Joe Dante’s most biting satire of suburban America sadly loses its nerve at the last minute and becomes as reactionary and curtain-twitching as its central characters.
This article discusses the end of The ‘Burbs in some detail. If you have yet to see the film, this might be considered a spoiler. But then, the ending itself also spoils things…
Despite the fact that they have worked together more than once, Joe Dante often feels to me like the anti-Spielberg. They both share an affinity for telling stories that take place in a wholesome American suburban setting that feels like a cosy 1950s throwback, far removed from big city life and the complexities of the modern world. But Dante tends to subvert the white picket fenced, neatly mowed lawn world that Spielberg likes to idealise. In Dante’s films, this feels like a false environment, an artificial retreat from a real world that creeps in nevertheless. His classic exploration of this was Gremlins, a Spielberg production that nevertheless cynically mocked the world that films like ET existed in, his malicious little monsters gleefully ripping apart the comfortable existence of small-town America. In a way, Dante is coming from the same place as David Lynch in that way – Lynch too likes nothing more than to look for the corruption that exists behind the facade of suburbia. You might argue that Lynch’s is a much darker world, but it’s actually all in the telling: Dante’s films contain just as much horror and death, but has a lighter feel – and Dante at least allows his central characters to be the classic nice suburban families – bad things happen to them, but they remain thoroughly decent and pleasant throughout. Lynch’s explorations of hidden corruption and dark secrets are more cynical – and more realistic, I suspect.
Dante’s most interesting and frustrating exploration of this world was The ‘Burbs, the very title of which emphasises the importance of the setting. Here, in a film that takes place on a single street, Dante explores the curtain-twitching, fear-driven, suspicious and self-important world of American suburbia – a world that certainly resonates with people in the UK, and presumably connects internationally. Every town in every developed nation probably has streets like this. The film then trashes the comfy existence of the people who live here in a way that is almost a glorious condemnation of this sort of middle class, exclusive community – but unfortunately, and to the complete detriment of the film, it blows it in the final moments. Rarely has a film so blatantly wussed out in the final scenes as this one. What could’ve been a Lynchian destruction of the artificial, bigoted and insular would of suburbia instead ends up as an affirmation of the curtain-twitching and suspicion, a modern ‘reds under the bed’ film where actual Reds are found to be hiding under the bed after all.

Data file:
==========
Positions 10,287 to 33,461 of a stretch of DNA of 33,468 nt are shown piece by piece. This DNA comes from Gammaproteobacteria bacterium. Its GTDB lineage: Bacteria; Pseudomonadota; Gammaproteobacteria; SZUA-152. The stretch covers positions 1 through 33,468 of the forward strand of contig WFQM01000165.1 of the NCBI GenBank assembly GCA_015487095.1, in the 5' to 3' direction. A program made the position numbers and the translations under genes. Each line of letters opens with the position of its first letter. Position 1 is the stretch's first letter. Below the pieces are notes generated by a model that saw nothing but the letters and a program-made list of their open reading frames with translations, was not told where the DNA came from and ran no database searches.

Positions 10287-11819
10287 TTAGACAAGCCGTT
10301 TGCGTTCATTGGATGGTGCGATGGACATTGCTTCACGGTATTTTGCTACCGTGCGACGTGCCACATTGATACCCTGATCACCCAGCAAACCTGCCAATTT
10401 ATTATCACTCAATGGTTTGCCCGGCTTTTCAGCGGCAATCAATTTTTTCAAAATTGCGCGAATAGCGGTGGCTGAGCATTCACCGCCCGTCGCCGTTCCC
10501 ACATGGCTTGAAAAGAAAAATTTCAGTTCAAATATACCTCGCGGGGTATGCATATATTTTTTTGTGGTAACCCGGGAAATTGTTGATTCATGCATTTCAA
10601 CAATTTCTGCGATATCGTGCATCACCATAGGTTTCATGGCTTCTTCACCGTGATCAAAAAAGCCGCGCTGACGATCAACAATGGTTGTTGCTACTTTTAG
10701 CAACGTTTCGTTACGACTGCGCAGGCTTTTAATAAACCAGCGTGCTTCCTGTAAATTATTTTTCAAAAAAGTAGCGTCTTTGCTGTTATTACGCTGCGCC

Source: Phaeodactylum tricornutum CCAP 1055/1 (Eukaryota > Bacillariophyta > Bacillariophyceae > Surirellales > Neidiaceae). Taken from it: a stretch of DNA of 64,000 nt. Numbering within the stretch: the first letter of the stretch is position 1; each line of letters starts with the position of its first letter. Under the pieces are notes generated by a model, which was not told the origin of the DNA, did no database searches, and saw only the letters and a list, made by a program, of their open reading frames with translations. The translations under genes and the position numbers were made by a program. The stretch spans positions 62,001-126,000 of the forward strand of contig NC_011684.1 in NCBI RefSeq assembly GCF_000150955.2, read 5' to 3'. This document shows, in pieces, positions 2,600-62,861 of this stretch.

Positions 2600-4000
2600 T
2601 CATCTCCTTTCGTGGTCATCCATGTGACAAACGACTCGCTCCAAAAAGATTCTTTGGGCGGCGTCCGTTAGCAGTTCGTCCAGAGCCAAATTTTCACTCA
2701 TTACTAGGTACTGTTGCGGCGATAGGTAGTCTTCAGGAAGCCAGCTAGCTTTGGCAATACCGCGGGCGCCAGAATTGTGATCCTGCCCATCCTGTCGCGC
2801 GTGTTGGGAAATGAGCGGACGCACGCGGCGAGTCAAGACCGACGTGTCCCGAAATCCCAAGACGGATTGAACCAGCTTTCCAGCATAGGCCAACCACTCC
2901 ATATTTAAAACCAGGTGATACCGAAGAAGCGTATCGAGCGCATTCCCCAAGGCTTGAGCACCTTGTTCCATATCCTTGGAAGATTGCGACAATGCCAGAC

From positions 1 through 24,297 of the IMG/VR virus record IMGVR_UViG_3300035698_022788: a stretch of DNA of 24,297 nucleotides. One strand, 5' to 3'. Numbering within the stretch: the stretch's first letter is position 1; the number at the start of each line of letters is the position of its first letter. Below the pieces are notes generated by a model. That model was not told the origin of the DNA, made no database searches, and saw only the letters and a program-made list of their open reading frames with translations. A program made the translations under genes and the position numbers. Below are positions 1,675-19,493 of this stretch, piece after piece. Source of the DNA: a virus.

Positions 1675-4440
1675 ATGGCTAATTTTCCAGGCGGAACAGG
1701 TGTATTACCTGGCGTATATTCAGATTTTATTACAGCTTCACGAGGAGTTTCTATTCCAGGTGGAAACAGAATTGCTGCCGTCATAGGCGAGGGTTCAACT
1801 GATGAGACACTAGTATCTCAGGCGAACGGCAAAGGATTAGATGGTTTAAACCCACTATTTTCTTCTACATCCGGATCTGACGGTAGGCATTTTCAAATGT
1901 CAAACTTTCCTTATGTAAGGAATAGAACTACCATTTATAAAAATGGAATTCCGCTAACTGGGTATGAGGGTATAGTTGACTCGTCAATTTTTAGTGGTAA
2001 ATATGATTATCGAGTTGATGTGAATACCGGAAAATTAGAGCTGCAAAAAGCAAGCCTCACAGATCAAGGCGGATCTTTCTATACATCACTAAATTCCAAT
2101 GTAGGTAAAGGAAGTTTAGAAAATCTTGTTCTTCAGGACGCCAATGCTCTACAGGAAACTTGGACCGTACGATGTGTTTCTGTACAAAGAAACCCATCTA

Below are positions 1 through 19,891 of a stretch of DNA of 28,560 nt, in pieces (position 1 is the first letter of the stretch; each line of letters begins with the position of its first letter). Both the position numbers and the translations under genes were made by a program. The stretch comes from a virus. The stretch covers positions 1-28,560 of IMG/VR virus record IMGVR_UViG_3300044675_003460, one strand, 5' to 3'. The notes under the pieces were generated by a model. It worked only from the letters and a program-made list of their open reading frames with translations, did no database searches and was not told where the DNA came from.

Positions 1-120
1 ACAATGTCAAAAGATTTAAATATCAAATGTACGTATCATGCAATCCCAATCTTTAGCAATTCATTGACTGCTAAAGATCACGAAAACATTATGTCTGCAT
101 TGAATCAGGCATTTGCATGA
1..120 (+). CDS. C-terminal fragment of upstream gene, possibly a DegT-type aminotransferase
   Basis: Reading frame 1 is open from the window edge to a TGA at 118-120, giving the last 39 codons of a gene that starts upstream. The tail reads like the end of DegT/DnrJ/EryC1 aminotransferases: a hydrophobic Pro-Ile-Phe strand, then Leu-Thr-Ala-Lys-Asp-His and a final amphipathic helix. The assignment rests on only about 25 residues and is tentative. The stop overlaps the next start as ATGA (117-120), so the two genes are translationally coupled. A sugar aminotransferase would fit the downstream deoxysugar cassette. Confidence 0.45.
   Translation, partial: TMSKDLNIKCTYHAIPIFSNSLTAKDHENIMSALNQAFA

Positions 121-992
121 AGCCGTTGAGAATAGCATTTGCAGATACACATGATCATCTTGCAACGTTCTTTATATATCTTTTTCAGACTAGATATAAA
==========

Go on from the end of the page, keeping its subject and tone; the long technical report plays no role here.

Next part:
Set in Mayfield Place, a nice suburban street in Hinkley Hills (a nice suburban town, presumably), the film sets the outsiders against the residents, as Ray Petersen (Tom Hanks) gets suspicious about his mysterious new neighbours, the Klopecks. Not only have they moved into an oddly dilapidated house – the classic neighbourhood haunted house – and failed to fix it up, but they are rarely seen. And when they do make an appearance, it’s hardly reassuring – digging holes in the back yard at night, a weird, inbred looking youth venturing out to collect mail or drive their garbage to the street, which he then beats the hell out of. This is a shifty looking family, and Ray is egged on in his concerns by moronic next-door neighbour Art Weingartner (Rick Ducommun) and military veteran Mark Rumsfield (Bruce Dern), who are both convinced that the Klopecks are up to no good, painting a picture of them as murderers, cannibals or worse. Despite the best efforts of Ray’s wife Carol (Carrie Fisher) to talk sense into him, the three men soon engage on a mission to investigate the new neighbours, an effort that becomes suspiciously like terrorism as they push threatening notes through the door, break into their house and generally make a nuisance of themselves. When fellow neighbour Walter Seznick (Gale Gordon) disappears, the three are convinced that the Klopecks are responsible, and increase the efforts to uncover the truth…
As a story of tight-knit communities who fear and ostracise anyone who doesn’t fit, The ‘Burbs is an impressive study in growing paranoia and collective insanity. It’s a neat suburban twist on the idea of someone thinking their neighbours are out to get them, in this case told from the point of view of those neighbours, who immediately jump to conclusions without having any facts to back them up. The Klopecks are weird, uncommunicative and worst of all foreign, so they must be up to no good. As a stinging indictment of how we fear that which is different, mob hysteria and how the perfect world of suburbia hides a much darker world, it’s impressive – not the grim world of Blue Velvet perhaps, but still a stinging attack on this seemingly wholesome world. And then, right at the last minute, it blows it in spectacular fashion.